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25. Ramkumar KM, Manjula C, Sankar L, Suriyanarayanan S, Rajaguru P. Potential in vitro antioxidant and protective effects of Gymnema montanum H . on alloxan-induced oxidative damage in pancreatic beta-cells, HIT-T15. Food Chem Toxicol . 2009;47(9):2246-2256.
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27. Katsukawa H, Imoto T, Ninomiya Y. Induction of salivary gumarin-binding proteins in rats fed gymnema-containing diets. Chem Senses . 1999;24(4):387-392.
28. Harada S, Kasahara Y. Inhibitory effect of gurmarin on palatal taste responses to amino acids in the rat. Am J Physiol Regul Integr Comp Physiol . 2000;278(6):R1513-R1517.
29. Yeh GY, Eisenberg DM, Kaptchuk TJ, Phillips RS. Systematic review of herbs and dietary supplements for glycemic control in diabetes. Diabetes Care . 2003;26(4):1277-1294.
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33. Nakamura Y, Tsumura Y, Tonogai Y, Shibata T. Fecal steroid excretion is increased in rats by oral administration of gymnemic acids contained in Gymnema sylvestre leaves. J Nutr . 1999;129(6):1214-1222.
34. Shigematsu N, Asano R, Shimosaka M, Okazaki M. Effect of administration with the extract of Gymnema sylvestre R.Br leaves on lipid metabolism in rats. Biol Pharm Bull . 2001;24(6):713-717.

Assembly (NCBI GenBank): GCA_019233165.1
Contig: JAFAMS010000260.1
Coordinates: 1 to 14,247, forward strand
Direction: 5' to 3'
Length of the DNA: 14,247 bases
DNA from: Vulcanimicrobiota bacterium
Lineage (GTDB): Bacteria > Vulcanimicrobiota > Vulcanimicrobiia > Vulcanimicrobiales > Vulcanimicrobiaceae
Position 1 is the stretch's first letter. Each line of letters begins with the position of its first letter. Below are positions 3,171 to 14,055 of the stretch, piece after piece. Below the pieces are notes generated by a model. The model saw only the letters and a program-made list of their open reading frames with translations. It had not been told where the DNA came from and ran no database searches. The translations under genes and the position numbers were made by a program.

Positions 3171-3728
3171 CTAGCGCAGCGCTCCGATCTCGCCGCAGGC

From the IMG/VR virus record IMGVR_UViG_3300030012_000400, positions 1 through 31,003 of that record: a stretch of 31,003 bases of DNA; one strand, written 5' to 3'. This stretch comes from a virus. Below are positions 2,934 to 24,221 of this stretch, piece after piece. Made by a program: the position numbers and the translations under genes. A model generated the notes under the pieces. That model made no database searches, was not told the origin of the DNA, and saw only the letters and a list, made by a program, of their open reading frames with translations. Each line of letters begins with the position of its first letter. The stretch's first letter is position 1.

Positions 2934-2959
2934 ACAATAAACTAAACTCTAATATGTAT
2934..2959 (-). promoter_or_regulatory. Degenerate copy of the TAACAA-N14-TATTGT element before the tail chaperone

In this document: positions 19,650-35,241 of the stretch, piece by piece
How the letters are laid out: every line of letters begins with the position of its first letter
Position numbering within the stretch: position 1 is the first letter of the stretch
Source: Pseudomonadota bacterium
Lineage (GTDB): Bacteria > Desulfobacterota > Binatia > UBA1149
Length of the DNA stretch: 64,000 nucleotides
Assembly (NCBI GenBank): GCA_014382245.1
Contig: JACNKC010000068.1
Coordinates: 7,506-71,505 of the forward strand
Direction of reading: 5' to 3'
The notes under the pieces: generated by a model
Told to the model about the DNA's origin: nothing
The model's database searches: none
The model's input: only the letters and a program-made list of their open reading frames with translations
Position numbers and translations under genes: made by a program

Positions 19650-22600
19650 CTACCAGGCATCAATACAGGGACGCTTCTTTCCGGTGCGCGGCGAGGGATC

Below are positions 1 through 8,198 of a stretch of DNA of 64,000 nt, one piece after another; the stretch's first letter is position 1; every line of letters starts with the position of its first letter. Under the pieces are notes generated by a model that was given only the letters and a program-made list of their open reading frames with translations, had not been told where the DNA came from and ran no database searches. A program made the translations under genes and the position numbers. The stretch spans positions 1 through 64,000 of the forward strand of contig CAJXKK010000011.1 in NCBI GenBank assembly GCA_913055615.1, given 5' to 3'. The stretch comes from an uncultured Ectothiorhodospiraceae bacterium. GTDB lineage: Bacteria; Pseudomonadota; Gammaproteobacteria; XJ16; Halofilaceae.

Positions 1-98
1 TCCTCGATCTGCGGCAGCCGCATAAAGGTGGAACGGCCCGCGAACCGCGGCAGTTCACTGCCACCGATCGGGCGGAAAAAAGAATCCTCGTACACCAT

35. Shigematsu N, Asano R, Shimosaka M, Okazaki M. Effect of long-term administration with Gymnema sylvestre R. Br on plasma and liver lipid in rats. Biol Pharm Bull . 2001;24(6):643-649.
36. Ramkumar KM, Vijayakumar RS, Ponmanickam P, Velayuthaprabhu S, Archunan G, Rajaguru P. Antihyperlipidaemic effect of Gymnema montanum : a study on lipid profile and fatty acid composition in experimental diabetes. Basic Clin Pharmacol Toxicol . 2008;103(6):538-545.
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39. Woodgate DE, Conquer JA. Effects of a stimulant-free dietary supplement on body weight and fat loss in obese adults: a six-week exploratory study. Curr Ther Res . 2003;64(4):248-262.
40. Preuss HG, Bagchi D, Bagchi M, Rao CV, Dey DK, Satyanarayana S. Effects of a natural extract of (-)-hydroxycitric acid (HCA-SX) and a combination of HCA-SX plus niacin-bound chromium and Gymnema sylvestre extract on weight loss. Diabetes Obes Metab . 2004;6(3):171-180.
41. Satdive RK, Abhilash P, Fulzele DP. Antimicrobial activity of Gymnema sylvestre leaf extract. Fitoterapia . 2003;74(7-8):699-701.
42. Diwan PV, Margaret I, Ramakrishna S. Influence of Gymnema sylvestre on inflammation. Inflammopharmacology . 1995;3(3):271-277.
43. Ramkumar KM, Sankar L, Manjula C, et al. Antigenotoxic potential of Gymnema montanum leaves on DNA damage in human peripheral blood lymphocytes and HL-60 cell line. Environ Mol Mutagen . 2010;51(4):285-293.
44. Ohmori R, Iwamoto T, Tago M, et al. Antioxidant activity of various teas against free radicals and LDL oxidation. Lipids . 2005;40(8):849-853.
45. Khanna VG, Kannabiran K. Anticancer-cytotoxic activity of saponins isolated from the leaves of Gymnema sylvestre and Eclipta prostrata on HeLa cells. Int J Green Pharm . 2009;3(3):227-229.
46. Moghaddam MS, Kumar PA, Reddy GB, Ghole VS. Effect of Diabecon on sugar-induced lens opacity in organ culture: mechanism of action. J Ethnopharmacol . 2005;97(2):397-403.